It’s the day before #CLR2014 and I’m in the midst of traveling 2,500 miles over six legs from Milwaukee, Wisconsin to Diamond Lake, Oregon. Call me crazy, but I think it’s going to be a great time! Now that the big day is almost here, my excitement is at an all-time high. I can’t wait to get my team Stranger Danger off to the races with that first leg at 6:40 a.m. tomorrow. Oh, did I mention this will be the first overnight relay I’ve ever done?!
If you’ve never participated in a long-distance, overnight relay race, I’m sure you’re wondering 1) why would you run through the night, and 2) what’s so special about the Cascade Lakes Relay that I’m traveling this far to run it? Well, here is some of the motivation behind my decisions and the emotions that have come along with them.
I’ve been running competitively for five years now. Prior to that, I didn’t think very highly of the sport. Yes, I love to run around bases and up the court, but just running for fun? That seemed crazy to me. I moved to Milwaukee five years ago and was lucky enough to have a best friend from high school also living here. Meg is an avid runner, from marathons to 5Ks to triathlons. At that time, she had signed up for a 5K during one of the many Milwaukee summer festivals and asked if I wanted to join her. I was hesitant at first but then thought, “Why not? I’m new to the city, it’s something fun to do, and the run is by Lake Michigan.” A little exercise and the chance to meet new people would do me good so I took the plunge and signed up for my first 5K!
I’m a bit of a planner so was quite nervous since I had only signed up one day before the race. I asked Meg a million questions on how much rest I needed, what food to eat, and how to warm up – all for three miles! Of course, it all worked out in the end and I had a great run. It also helped that there was free beer at the finish line! A few weeks later I signed up for another 5K and a few months later committed to my first half-marathon. I had officially become a runner.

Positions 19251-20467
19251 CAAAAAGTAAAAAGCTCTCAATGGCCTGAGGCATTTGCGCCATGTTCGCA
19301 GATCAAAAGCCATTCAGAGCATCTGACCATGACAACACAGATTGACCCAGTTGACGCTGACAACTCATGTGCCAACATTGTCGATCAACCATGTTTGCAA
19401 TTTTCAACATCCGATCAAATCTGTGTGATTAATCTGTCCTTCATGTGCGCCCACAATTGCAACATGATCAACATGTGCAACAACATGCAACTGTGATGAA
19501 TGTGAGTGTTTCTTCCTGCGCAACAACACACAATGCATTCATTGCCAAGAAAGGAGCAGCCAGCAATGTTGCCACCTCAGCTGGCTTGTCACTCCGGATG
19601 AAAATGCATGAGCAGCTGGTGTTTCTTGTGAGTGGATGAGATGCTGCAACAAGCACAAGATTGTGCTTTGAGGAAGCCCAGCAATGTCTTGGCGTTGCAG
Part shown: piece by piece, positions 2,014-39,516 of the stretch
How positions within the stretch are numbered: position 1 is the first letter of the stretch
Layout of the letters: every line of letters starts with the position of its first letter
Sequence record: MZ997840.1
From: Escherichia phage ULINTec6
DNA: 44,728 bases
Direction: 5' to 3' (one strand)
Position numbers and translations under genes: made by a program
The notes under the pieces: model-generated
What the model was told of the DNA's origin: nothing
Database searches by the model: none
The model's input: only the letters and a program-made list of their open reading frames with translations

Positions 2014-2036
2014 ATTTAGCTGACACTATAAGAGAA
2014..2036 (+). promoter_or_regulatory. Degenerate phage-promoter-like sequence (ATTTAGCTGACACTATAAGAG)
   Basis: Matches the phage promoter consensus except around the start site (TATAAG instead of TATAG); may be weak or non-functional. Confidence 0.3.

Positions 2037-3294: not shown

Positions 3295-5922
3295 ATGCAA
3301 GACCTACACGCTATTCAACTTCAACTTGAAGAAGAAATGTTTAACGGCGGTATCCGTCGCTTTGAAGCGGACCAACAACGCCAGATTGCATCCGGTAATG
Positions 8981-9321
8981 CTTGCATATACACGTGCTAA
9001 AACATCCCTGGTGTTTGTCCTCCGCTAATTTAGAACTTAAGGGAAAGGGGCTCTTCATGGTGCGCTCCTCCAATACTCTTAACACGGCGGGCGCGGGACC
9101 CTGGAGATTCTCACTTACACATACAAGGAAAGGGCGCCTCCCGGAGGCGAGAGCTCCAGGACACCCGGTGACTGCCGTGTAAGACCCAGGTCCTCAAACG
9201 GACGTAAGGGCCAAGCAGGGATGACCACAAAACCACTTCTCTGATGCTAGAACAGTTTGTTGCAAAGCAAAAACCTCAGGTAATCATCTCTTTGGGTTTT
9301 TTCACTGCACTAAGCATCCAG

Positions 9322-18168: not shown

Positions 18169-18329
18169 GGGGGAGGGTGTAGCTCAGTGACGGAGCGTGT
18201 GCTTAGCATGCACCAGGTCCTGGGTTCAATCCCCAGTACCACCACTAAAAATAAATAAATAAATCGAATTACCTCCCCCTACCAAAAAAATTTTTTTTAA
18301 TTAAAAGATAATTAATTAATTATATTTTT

Fast-forward a few years and I’m chatting with an old friend on a much-needed tropical vacation. Work and graduate school had taken over my life so running was put to the side. Then this CLR thing got brought up in conversation. A 200+ mile relay race? We run straight through the night and the team drives around in vans? Sounds crazy…but kind of fun. I needed a summer vacation, so I was in.
Since I signed up on a whim and the race was across the country, I hadn’t thought about it too much until these last few weeks (when I finally booked my flights). Then it hit me about a week ago: “OMG! I’m about to compete in a pretty intense race – I need to prepare!” Of course, being the planner I am, I had been training this past month with a short run in the morning and one at night to get my legs ready. I researched online for the best relay training plans before customizing one for myself. And that was really important. There are so many training plans out there, but you just have to listen to your body and do what’s best for YOU. There’s no perfect plan for a race of any distance. It was a struggle though each week I tried to run “mini legs” around town, through the parks, and down by the lakefront. I was exhausted and this was after a full night’s sleep – how would I be able to run longer distances for the race? My nerves were taking over.